Research News

Physicists Discuss the War in Ukraine

Physics 15, 42
At a special session at this week’s APS March Meeting, people shared stories about colleagues and family members in Ukraine and discussed ways to help those in the war-stricken country.
silentgos/stock.adobe.com

This week saw physicists from around the world gather in Chicago for the first in-person APS March Meeting since March 2019. For many, the meeting was a welcome return to normality, but not everyone was able to join in the science discussions. Most notably absent were physicists who live and work in Ukraine. At a session devoted to discussing the war in Ukraine, researchers shared stories about friends, family, and colleagues affected by the violence and discussed possible ways to help Ukrainian physicists.

The session started with words from Jonathan Bagger, the APS’s current CEO, who expressed the Society’s condemnation of Russia’s invasion of Ukraine and its solidarity with all people whose lives have been upended by the war. Bagger went on to discuss the actions APS is taking. For example, the APS is offering free membership and free Physical Review journal access to all Ukrainian physicists; it is facilitating stipends that would allow Ukrainian scientists to stay in the region; and it is involved in efforts to help Ukrainian scientists who wish to relocate to the US or other countries. “We want them to stay connected as best as they can,” said Bagger.

Some in the audience said that different measures are called for—ones that address the actual needs of those caught up in the war. One person to voice that opinion was Ivan Oleynik, a physicist with Ukrainian roots who works at the University of South Florida. Oleynik shared a heart-breaking exchange between himself and his cousin who is currently in Kharkiv, Ukraine, a city that has suffered daily airstrikes and shellings since the war began. “Three days ago, she sent me a text saying: ‘We are being attacked. Take care of my daughter, you are the only one left.’”

Oleynik also relayed a conversation from earlier that morning, in which he asked a colleague in Ukraine what physicists abroad could do to help. His colleague said that with every man—and some women—aged 18 to 60 now in the army, “there is no time for science right now, we cannot concentrate on science, send us arms.” Oleynik also called on those listening to the session to write to senators and representatives to ask them to provide more military support to Ukraine. “This is the only [meaningful] thing we can do,” he said.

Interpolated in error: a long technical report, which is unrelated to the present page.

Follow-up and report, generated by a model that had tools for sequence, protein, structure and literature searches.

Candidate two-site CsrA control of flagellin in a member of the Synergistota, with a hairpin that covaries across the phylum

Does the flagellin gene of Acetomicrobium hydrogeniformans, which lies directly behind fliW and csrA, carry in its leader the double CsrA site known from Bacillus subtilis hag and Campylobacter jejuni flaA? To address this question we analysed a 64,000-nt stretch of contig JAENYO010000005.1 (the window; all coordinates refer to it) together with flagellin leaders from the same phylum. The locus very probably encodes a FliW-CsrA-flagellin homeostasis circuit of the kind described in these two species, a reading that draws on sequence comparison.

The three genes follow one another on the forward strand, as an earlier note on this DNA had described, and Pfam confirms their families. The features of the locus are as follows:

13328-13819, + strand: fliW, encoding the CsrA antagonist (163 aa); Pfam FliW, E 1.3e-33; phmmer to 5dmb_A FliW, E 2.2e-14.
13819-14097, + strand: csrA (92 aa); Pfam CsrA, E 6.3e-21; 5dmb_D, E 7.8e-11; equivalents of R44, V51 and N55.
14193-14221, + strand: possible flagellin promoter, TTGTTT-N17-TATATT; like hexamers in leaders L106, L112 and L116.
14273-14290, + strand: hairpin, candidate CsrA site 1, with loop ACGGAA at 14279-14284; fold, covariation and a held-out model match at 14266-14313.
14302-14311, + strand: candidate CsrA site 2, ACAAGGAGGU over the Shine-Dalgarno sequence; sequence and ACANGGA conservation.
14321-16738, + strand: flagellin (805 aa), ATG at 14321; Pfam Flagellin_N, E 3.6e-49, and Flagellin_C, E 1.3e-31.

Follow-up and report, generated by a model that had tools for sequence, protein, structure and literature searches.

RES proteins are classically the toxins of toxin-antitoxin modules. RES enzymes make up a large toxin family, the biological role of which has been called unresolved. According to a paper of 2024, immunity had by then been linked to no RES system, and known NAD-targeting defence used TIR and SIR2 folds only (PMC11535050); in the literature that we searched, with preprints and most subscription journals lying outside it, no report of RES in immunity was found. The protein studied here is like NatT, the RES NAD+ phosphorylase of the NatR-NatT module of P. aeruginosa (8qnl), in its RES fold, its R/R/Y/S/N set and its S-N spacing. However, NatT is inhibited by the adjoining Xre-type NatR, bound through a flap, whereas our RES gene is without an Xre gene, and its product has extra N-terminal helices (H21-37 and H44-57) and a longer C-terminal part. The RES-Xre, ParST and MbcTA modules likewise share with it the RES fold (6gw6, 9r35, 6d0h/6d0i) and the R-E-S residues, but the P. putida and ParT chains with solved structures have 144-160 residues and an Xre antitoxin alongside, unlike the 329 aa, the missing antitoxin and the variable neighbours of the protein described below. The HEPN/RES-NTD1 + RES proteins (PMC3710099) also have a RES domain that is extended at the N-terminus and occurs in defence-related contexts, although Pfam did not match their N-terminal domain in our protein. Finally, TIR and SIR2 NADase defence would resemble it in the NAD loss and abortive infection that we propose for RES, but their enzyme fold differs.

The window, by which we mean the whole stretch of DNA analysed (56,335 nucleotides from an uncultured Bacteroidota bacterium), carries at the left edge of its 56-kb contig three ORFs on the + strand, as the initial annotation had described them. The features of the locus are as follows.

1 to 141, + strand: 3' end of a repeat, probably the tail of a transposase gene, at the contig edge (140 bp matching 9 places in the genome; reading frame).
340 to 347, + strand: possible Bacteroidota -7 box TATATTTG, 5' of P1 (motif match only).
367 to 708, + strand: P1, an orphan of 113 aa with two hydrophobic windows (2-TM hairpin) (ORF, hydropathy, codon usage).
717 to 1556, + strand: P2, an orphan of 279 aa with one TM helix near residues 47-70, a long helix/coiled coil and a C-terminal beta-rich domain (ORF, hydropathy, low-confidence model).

Another to share her story was Kateryna Pistunova, a Stanford University graduate student who was born and raised in Kharkiv. Pistunova said that it was just after she had finished practicing her March Meeting talk that her phone pinged with the “scariest message” that she’s ever received in her life. “My mom was texting me that [my family] was being shot at.” Pistunova called to offer support, “but my hands were shaking so much I could barely hold [the phone] still.”

Pistunova said that she initially felt that there was nothing she could do to help those in her home country. But that helplessness soon gave way to a strong desire to act. With others at Stanford, Pistunova raised around $350,000 to buy medical supplies that they have already flown to Ukraine. She also put together a website that she said contains “concrete actions that any individual can take.” These actions include donating money and writing letters to elected government officials and to private companies’ CEOs. But, she went on, the actions need to go further. “[Physicists] have to cut ties with Russian educational institutions,” she said. “By supporting [those] national institutions, you’re supporting the [Russian government].”

A call to instead to maintain relationships with scientists of all nationalities came at the APS Prizes and Award ceremony, which followed the special session on Ukraine. In his acceptance speech for the 2022 Lars Onsager Prize, Boris Altshuler, a Russian physicist who has lived in the US for over 30 years, said, “I am ashamed for what is going on and [I] support all the sanctions. But at the same time, I want to ask everybody not to be too cruel to our colleagues both in Russia and Ukraine.” Altshuler said that he believes that most scientists share his same view on the war and that cutting ties is a bad idea.

Responding to calls to boycott Russian scientists, Bagger said that the “APS has a tradition of not supporting boycotts” and is not currently supporting this one. But he added that the situation is changing rapidly, and the APS may reconsider its options. That sentiment was echoed by the current APS President Frances Hellman. “History, of course, will judge how we respond,” she said.

Correction (21 March 2022): A previous version of the article incorrectly stated that there had been no in-person APS meeting between March 2020 and March 2022.

For information on APS programs related to the war in Ukraine, see the website: APS Response to the Russian Invasion of Ukraine.

–Katherine Wright

Katherine Wright is the Deputy Editor of Physics Magazine.


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